Monday, June 25, 2012

How my heart grows - June 25, 2012

I have several posts written, queued up, and ready to go, but they don't feel right (and while some are serious, there's also a contest I need to prep up and get ready and some lighthearted things) so I let them out and then I save them as drafts.

Instead, I will tell you how my heart has grown over the past few weeks.

This is definitely the summer of changes for my girl. Of course, along with leaps and milestones and inchstones come tantrums and behaviors and acting out. There are setbacks. There are problems. It's true.


Potty training/learning/teaching/whatever is coming along very well. She has her off days, she has accidents, but she is doing so well that I think we really will be able to send her to pre-K without Pull Ups. Over the weekend, when we were at a friend's house, she didn't have any accidents, told me she needed to go every time, and just did wonderfully. Last week she even was willing to go in a public bathroom (she is usually pretty freaked out by those, though she insists on me taking her to every single bathroom in the known universe, often just so she can say "No" and we can walk back out).

We had an AAC evaluation that went so well that my whole "I don't want to get my hopes up" business went right out the window. I am VERY VERY excited about this new phase for her. She so desperately wants to communicate and talk. Tonight she talked to me steadily for about 2 solid minutes, and it sounded just like a foreign language that I'd simply never learned. It had cadence and inflection and she was very deliberate. I encouraged it, and I responded to it. And some of her words are becoming clearer (and she says "Cool!" and what I'm pretty sure - because she's said it too many times for the syllables to be random - is "I did!" when I ask her to do something/say something that she just did, whether I realized it or not). But with an AAC, she'll be able to really tell us things while we continue to work on her speech. The therapists were amazed at how quickly she figured out how to use the device, kept saying "she's so smart! she's picking it up so fast!" over and over. It made me so proud, and I choked up a bit when she started asking for her turn and their turn and more and pretty and bears and.... She's only tried out one device so far - hopefully we'll get to try another one this week or next - but I already kind of know which one I want for her, and her SLP is pushing for that one too. We'll see.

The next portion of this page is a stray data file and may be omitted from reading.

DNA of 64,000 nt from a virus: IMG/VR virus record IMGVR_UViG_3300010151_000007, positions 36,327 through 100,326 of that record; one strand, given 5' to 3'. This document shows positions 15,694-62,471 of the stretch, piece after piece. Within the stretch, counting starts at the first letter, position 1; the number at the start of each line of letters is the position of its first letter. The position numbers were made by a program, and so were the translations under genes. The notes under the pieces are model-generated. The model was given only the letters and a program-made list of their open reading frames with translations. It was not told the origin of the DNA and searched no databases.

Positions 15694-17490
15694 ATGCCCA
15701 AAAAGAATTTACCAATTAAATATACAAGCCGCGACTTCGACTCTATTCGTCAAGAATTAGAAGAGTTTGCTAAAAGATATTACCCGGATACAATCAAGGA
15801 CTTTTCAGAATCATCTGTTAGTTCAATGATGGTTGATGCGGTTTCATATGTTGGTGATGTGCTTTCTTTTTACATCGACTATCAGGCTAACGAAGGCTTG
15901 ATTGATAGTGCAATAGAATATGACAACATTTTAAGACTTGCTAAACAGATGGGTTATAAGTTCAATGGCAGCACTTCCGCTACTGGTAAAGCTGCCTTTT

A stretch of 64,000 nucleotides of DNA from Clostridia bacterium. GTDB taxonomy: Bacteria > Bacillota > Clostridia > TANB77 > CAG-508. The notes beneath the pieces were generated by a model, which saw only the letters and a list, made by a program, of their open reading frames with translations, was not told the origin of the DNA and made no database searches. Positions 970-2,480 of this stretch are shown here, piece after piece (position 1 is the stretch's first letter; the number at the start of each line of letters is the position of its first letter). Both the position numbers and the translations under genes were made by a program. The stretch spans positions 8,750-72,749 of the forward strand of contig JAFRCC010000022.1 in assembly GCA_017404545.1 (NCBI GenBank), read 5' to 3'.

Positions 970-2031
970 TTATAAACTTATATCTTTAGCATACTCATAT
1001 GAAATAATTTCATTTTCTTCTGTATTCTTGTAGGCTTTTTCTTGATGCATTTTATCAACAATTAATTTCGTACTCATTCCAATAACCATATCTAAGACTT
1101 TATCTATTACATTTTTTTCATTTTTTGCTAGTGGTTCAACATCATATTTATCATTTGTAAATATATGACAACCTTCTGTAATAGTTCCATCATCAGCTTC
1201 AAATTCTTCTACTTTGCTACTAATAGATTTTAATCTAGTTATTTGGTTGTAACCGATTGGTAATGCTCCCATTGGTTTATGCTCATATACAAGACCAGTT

She has managed to get herself from a downward-facing dog position to standing and STAY STANDING a few times. She's gone from barely being able to even get in that position to bouncing on her hands (as her PT said she would) to getting up but then falling over immediately to STAYING PUT for a few seconds.

A plus B plus C equals amazing progress. She's always moving forward, always doing things. Sometimes, when we're alone, I forget that she has cerebral palsy for a while and she's just my girl, doing what she does. When we're with neurotypical kids, the sadness does creep in - watching her play with a four-year-old girl who runs and jumps and communicates with ease, that gets me down. But then I look at what she is doing and how quickly she is doing it and I catch myself from the fall and I celebrate instead.

She'll be five in about two weeks. Five years of this. I had no idea. But I think five is her year.

Wednesday, June 13, 2012

Thrifting with the family - June 13, 2012

I lied. I got to go thrifting again! All three of us went to visit my friend and since my daughter is rapidly growing out of her shirts, I convinced my husband that we should also stop off at my two favorite stores. And yet...I only bought things at one of the stores, because, let's face it, my closets and her drawers are all bursting at the seams. I'll need more clothes when the weather changes, but for now I'm pretty set with summery stuff.